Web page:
Before they voted to legalize the use of recreational marijuana, legislators in Illinois committed to learning as much as possible from the experiences of other states. Rep. Kelly Cassidy, lead sponsor of the bill signed into law in June (HB 1438), and others spent two years visiting growers, processors and dispensaries across the United States; they also held more than 100 stakeholder meetings in the state.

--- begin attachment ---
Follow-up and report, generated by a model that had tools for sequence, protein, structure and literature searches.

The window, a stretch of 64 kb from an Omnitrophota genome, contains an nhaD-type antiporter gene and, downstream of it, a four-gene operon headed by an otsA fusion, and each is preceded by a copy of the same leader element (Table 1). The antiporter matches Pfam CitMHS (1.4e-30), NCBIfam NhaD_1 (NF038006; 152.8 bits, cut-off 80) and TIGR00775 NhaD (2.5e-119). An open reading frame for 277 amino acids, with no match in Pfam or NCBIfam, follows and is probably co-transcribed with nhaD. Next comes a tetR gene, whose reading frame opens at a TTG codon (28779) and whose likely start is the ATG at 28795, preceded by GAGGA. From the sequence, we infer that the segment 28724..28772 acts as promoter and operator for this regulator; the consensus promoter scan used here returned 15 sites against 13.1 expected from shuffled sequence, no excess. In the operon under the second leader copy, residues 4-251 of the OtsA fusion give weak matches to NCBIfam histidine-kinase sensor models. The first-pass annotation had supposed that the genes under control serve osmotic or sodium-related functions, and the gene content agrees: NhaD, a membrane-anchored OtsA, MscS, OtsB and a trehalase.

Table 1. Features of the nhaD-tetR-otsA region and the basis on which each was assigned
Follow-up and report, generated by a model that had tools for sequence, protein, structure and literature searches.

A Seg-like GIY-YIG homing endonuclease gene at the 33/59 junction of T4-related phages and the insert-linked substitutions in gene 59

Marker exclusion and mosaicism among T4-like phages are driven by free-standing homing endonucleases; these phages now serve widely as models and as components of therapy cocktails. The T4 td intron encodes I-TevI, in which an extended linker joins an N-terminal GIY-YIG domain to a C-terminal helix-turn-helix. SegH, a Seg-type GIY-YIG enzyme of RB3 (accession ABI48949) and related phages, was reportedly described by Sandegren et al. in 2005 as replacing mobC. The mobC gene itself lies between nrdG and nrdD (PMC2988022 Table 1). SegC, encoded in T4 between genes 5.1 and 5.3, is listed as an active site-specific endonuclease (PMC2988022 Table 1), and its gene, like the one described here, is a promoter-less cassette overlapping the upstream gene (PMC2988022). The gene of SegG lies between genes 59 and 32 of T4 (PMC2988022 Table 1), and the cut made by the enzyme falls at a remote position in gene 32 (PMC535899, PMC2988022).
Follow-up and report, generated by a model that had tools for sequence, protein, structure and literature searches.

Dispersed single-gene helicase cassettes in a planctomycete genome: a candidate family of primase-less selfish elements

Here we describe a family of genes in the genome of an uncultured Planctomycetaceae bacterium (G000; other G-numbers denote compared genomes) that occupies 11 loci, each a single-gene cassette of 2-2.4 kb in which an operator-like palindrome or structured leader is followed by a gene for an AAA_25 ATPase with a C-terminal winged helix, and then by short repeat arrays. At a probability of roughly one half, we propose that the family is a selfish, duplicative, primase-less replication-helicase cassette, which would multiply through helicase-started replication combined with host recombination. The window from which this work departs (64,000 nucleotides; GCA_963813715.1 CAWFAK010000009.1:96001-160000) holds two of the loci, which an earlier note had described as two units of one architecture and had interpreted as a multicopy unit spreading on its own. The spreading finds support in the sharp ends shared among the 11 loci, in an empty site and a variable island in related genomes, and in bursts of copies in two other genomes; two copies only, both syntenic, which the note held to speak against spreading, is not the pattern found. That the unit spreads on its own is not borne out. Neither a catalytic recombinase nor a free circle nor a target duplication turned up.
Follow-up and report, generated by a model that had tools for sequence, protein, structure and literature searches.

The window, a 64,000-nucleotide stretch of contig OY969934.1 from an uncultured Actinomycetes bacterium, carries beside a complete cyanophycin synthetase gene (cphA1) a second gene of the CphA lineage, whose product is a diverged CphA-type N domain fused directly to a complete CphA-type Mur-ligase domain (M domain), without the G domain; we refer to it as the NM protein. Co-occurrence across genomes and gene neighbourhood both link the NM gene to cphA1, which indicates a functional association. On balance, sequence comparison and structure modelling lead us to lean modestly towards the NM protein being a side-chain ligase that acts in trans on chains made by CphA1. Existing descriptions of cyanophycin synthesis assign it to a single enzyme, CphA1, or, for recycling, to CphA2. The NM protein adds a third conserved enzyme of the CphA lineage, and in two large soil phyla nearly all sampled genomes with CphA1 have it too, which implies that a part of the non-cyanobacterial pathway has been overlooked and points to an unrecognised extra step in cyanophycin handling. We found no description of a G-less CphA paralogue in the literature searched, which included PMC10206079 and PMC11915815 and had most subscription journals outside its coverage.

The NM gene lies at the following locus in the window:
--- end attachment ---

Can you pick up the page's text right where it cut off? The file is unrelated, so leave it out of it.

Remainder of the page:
The end result: a 600-plus-page bill much different than any other state’s law on marijuana legalization. For example, the bill focuses heavily on ensuring diversity in ownership of the new businesses that come from legalization, and investing in the communities and people disproportionately impacted by enforcement of the state’s old laws on cannabis. But another facet of the new law stands out as well, and reflects what lawmakers found in their fact-finding work prior to the bill’s introduction. “[We were] struck by the intensive power and water usage involved in growing marijuana,” Cassidy says. In response, lawmakers included environmental requirements and efficiency standards for those seeking a license to cultivate marijuana.